SITES’ quarterly corner


 Spring has sprung here in Washington, DC and we can’t help being drawn outside to experience the sights, scents, and sounds of nature. But you can bring nature indoors for your visitors through a selection of SITES exhibitions that explore our natural surroundings.

Farmers, Warriors, Builders: The Hidden Life of Ants

What we normally think of as pests are actually highly organized and industrious creatures. Learn about ant behaviors in this fun and informative exhibition featuring macro photographs, a cast of an ant nest, and a touchable ant model. A highly popular exhibition developed by the Smithsonian’s Natural History Museum, The Hidden Life of Ants will soon embark on a national tour.

Contact: Minnie Micu Russell | 202.633.3160 |

Snow-covered ponderosa pine, North Rim.  Photo by Jack Dykinga.

Snow-covered ponderosa pine, North Rim. Photo by Jack Dykinga.

Lasting Light: 125 Years of Grand Canyon Photography

Ever been to the Grand Canyon? If not, you can still behold the majesty of this great American landmark through this exhibition of contemporary and archival photographs.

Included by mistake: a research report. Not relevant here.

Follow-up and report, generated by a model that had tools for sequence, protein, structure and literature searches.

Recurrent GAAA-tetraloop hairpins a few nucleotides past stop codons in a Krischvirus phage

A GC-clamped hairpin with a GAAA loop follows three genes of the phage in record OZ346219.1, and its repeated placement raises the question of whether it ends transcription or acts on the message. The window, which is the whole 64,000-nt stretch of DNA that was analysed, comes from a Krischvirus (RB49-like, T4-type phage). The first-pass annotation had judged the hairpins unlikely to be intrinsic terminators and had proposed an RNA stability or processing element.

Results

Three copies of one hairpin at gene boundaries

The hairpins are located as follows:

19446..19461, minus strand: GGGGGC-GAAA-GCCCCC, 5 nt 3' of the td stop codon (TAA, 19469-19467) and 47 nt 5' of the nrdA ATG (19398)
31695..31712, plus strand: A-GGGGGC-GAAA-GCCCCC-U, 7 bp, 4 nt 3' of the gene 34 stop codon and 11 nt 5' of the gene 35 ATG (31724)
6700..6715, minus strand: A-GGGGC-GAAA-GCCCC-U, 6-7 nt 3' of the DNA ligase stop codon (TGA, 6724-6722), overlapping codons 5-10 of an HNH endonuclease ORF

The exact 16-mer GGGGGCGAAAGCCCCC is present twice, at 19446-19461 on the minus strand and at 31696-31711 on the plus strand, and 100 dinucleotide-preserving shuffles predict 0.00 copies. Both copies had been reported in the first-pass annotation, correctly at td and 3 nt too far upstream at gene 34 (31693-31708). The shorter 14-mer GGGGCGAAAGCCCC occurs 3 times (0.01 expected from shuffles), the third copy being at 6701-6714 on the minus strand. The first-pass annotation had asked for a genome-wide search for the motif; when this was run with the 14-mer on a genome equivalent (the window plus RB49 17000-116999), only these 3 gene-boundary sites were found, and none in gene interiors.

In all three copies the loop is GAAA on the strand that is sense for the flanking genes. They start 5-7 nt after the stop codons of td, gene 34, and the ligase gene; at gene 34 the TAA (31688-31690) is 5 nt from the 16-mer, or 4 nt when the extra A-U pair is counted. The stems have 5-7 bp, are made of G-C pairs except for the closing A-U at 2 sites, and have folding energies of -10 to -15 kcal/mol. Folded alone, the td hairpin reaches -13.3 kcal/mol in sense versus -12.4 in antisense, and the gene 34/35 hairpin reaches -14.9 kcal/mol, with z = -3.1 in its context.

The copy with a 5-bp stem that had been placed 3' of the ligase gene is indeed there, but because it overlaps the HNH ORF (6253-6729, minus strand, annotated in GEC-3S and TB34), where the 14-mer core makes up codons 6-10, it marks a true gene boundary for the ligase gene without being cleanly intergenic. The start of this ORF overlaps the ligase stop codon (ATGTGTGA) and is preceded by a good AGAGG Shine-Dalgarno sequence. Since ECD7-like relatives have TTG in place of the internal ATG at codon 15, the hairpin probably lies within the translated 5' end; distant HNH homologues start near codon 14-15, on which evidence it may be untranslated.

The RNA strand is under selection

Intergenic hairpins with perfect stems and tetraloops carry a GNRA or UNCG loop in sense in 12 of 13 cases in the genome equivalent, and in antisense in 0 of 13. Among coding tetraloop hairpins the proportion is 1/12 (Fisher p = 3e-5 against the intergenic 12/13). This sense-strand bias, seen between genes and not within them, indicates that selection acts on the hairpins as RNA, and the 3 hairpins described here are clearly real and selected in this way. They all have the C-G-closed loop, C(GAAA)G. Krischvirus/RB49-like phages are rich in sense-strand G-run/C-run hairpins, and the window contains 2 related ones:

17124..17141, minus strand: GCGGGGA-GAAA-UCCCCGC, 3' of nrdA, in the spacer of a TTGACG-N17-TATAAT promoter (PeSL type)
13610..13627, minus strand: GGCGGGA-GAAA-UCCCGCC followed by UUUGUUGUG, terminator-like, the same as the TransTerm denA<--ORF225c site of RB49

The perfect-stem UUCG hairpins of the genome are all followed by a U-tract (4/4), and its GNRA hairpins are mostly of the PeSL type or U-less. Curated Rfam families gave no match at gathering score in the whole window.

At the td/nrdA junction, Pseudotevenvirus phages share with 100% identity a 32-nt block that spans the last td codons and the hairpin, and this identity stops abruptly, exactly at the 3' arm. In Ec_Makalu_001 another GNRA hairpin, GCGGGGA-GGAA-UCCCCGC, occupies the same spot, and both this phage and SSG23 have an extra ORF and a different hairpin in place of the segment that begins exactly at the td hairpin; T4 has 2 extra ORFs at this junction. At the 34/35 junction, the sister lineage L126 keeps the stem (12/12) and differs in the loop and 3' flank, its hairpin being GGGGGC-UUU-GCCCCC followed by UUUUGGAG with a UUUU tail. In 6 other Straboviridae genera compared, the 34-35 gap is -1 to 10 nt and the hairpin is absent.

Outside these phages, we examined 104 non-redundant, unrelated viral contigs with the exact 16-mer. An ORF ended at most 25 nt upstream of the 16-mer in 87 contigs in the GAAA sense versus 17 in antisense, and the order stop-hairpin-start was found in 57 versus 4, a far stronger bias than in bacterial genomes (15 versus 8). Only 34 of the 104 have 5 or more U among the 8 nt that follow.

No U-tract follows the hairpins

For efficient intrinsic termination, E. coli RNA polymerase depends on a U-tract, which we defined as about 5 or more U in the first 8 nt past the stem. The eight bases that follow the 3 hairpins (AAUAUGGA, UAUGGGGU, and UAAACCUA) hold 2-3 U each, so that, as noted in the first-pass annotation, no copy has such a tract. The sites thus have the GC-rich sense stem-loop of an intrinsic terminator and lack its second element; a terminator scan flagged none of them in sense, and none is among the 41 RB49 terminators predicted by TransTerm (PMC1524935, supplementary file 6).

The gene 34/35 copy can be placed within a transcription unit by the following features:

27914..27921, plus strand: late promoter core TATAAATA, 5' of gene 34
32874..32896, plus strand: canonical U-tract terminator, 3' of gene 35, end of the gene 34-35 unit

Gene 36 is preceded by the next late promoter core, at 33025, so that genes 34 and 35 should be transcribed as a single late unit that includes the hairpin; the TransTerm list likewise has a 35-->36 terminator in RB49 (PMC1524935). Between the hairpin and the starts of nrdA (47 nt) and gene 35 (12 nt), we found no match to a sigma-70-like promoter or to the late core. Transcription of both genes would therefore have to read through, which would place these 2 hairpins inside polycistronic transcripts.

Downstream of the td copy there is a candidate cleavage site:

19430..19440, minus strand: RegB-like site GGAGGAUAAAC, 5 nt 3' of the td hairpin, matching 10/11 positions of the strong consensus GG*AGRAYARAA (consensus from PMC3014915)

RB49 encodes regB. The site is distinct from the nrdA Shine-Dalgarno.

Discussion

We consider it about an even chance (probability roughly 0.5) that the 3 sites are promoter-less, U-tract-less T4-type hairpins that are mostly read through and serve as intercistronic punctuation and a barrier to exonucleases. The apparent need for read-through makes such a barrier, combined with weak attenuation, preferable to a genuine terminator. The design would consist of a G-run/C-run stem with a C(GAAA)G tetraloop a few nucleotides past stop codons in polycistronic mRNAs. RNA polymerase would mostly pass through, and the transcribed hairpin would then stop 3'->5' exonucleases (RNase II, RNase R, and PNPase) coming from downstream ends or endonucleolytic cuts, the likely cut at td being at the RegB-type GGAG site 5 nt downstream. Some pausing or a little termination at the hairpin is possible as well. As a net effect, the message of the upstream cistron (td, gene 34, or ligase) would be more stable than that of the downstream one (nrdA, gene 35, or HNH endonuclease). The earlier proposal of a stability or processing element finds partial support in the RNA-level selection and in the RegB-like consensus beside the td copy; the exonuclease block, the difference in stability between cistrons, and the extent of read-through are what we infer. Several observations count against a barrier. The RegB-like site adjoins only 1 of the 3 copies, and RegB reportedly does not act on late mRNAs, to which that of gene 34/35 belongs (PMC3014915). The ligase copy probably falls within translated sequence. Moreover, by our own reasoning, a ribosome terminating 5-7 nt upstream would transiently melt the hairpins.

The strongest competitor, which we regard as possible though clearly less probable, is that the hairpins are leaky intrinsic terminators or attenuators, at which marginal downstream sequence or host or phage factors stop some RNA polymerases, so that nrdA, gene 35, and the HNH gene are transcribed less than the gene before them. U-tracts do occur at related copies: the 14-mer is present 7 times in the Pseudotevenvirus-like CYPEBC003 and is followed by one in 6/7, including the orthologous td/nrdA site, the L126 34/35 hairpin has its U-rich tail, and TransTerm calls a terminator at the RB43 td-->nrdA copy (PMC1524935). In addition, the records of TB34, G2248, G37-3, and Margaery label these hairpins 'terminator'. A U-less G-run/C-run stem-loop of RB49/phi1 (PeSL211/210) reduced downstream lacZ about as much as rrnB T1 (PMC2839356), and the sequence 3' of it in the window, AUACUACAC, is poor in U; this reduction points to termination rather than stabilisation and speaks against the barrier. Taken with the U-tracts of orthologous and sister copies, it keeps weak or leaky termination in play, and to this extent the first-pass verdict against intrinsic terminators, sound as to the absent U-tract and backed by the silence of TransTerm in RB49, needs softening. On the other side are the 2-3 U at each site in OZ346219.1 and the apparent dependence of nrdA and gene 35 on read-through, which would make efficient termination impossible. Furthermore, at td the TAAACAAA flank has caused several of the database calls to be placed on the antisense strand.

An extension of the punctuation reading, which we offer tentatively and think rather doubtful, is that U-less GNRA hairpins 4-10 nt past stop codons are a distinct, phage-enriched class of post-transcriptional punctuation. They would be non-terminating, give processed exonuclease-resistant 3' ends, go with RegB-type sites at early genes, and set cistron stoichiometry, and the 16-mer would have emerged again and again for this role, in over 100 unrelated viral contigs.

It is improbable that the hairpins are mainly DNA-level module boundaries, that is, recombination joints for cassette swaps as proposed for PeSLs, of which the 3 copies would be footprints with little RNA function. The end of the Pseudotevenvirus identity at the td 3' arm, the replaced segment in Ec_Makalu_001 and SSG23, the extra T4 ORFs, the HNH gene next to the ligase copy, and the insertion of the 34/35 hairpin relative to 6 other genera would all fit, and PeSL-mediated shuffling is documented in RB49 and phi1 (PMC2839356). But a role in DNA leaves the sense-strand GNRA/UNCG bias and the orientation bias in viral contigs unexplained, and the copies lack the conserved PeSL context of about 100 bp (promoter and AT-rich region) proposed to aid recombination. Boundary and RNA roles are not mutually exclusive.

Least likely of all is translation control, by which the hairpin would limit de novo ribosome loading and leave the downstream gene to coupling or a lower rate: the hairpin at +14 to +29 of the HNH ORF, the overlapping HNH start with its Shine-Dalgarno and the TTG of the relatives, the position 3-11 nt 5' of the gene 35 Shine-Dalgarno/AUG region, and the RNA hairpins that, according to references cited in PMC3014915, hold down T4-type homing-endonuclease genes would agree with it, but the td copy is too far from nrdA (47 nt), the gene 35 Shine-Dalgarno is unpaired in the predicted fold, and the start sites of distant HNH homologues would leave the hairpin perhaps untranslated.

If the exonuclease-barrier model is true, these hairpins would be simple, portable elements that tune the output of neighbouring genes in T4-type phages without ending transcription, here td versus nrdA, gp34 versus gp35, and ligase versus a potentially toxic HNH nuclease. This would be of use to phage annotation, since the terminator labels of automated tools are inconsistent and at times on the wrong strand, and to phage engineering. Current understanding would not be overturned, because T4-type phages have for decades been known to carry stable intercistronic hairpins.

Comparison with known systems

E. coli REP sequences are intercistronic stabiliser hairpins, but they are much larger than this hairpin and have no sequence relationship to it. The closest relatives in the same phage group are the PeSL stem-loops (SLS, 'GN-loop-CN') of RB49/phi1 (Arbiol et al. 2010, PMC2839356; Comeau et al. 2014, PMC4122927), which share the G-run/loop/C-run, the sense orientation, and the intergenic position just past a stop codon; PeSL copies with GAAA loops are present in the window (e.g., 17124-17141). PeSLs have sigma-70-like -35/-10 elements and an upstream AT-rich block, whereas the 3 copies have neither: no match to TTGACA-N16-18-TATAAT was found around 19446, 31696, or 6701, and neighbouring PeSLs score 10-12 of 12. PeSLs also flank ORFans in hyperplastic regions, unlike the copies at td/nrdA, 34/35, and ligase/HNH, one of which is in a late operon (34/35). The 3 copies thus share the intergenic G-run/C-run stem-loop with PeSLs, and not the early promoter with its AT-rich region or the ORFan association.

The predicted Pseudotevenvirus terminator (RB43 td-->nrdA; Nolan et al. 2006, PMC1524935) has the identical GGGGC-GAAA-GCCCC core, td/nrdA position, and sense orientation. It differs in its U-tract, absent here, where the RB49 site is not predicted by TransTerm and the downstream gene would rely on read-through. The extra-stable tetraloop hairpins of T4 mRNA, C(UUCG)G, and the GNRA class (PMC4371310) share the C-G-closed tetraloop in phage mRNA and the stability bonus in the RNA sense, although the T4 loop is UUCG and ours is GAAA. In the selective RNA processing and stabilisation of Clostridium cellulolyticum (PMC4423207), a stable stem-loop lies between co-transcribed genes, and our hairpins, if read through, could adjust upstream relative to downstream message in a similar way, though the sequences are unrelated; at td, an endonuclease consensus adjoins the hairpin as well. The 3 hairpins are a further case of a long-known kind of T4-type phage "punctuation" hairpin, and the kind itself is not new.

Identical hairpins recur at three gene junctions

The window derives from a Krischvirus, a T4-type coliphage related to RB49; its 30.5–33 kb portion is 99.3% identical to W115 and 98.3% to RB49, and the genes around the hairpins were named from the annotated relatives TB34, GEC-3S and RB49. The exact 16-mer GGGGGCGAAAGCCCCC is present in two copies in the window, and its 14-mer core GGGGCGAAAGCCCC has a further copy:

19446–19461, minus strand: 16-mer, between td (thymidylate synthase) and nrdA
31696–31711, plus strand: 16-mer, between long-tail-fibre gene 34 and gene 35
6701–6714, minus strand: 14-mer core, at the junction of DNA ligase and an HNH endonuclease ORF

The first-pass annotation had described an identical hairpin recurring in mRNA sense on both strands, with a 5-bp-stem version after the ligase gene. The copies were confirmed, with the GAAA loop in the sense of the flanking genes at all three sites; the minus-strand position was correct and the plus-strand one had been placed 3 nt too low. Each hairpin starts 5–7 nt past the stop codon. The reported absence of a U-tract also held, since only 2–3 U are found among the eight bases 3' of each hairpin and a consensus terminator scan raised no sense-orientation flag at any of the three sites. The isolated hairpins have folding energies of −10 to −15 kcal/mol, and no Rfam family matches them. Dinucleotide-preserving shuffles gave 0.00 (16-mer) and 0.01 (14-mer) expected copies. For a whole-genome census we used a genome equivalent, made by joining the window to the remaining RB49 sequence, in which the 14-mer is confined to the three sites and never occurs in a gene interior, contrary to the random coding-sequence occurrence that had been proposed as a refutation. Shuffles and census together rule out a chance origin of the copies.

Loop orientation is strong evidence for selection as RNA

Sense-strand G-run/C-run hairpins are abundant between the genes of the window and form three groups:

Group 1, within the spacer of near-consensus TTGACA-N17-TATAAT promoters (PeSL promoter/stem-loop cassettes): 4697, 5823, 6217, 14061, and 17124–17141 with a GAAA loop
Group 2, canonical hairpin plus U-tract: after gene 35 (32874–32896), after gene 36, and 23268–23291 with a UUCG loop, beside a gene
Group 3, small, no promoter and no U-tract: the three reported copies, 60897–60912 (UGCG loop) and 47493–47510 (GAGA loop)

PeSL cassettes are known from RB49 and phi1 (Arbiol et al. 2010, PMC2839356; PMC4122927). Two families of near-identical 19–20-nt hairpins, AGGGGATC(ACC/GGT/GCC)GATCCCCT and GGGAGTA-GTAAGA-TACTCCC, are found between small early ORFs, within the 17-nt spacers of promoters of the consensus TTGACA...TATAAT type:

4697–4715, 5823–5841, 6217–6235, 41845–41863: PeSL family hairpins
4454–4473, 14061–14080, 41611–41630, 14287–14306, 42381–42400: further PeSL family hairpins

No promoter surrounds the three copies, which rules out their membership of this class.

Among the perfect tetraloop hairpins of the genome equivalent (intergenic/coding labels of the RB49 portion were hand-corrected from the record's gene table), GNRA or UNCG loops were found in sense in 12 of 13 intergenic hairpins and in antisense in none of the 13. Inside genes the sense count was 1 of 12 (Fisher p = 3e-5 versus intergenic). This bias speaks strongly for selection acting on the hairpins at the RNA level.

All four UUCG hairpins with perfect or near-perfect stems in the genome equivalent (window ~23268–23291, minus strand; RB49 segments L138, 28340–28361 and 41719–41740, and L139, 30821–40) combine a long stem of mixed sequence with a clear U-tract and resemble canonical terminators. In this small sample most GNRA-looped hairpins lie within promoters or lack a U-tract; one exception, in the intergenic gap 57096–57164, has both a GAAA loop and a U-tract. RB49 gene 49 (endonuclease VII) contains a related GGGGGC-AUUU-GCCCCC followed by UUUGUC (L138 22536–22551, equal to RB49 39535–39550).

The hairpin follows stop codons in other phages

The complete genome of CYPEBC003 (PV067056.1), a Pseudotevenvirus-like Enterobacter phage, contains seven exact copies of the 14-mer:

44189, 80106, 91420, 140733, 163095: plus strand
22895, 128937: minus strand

Contact: Ed Liskey | 202.633.3142 |

Green Revolution

How can your visitors be more eco-friendly and what impact would such actions have on the environment? This unique exhibition is both “green” in content and delivery – we provide the design files, graphics and fabrication plans, and YOU build the exhibit. SITES thereby reduces its carbon footprint and YOU get to reduce, reuse and recycle materials from old exhibits.

Contact: Shavonne Harding | 202.633.3138 |

Transitions: Photographs by Robert Creamer

Photographer Robert Creamer used a flatbed scanner as his camera in this exhibition of large-scale images, revealing flowers and natural specimens in striking detail and depth. Only one booking period is left, so don’t miss out! Available June 12 – August 22, 2010.

Contact:  Ed Liskey | 202.633.3142 |

The White House Garden

You’ve probably read about First Lady Michelle Obama’s vegetable garden on the South Lawn, but there’s so much more history to America’s oldest continuously landscaped garden. Learn about the development of these grounds from the 1790s to the present through reproductions of historic and contemporary photographs, maps, and correspondence.

Contact: Minnie Micu Russell | 202.633.3160 |

Rock the Green Revolution gives visitors helpful tips for how they can reduce their carbon footprints.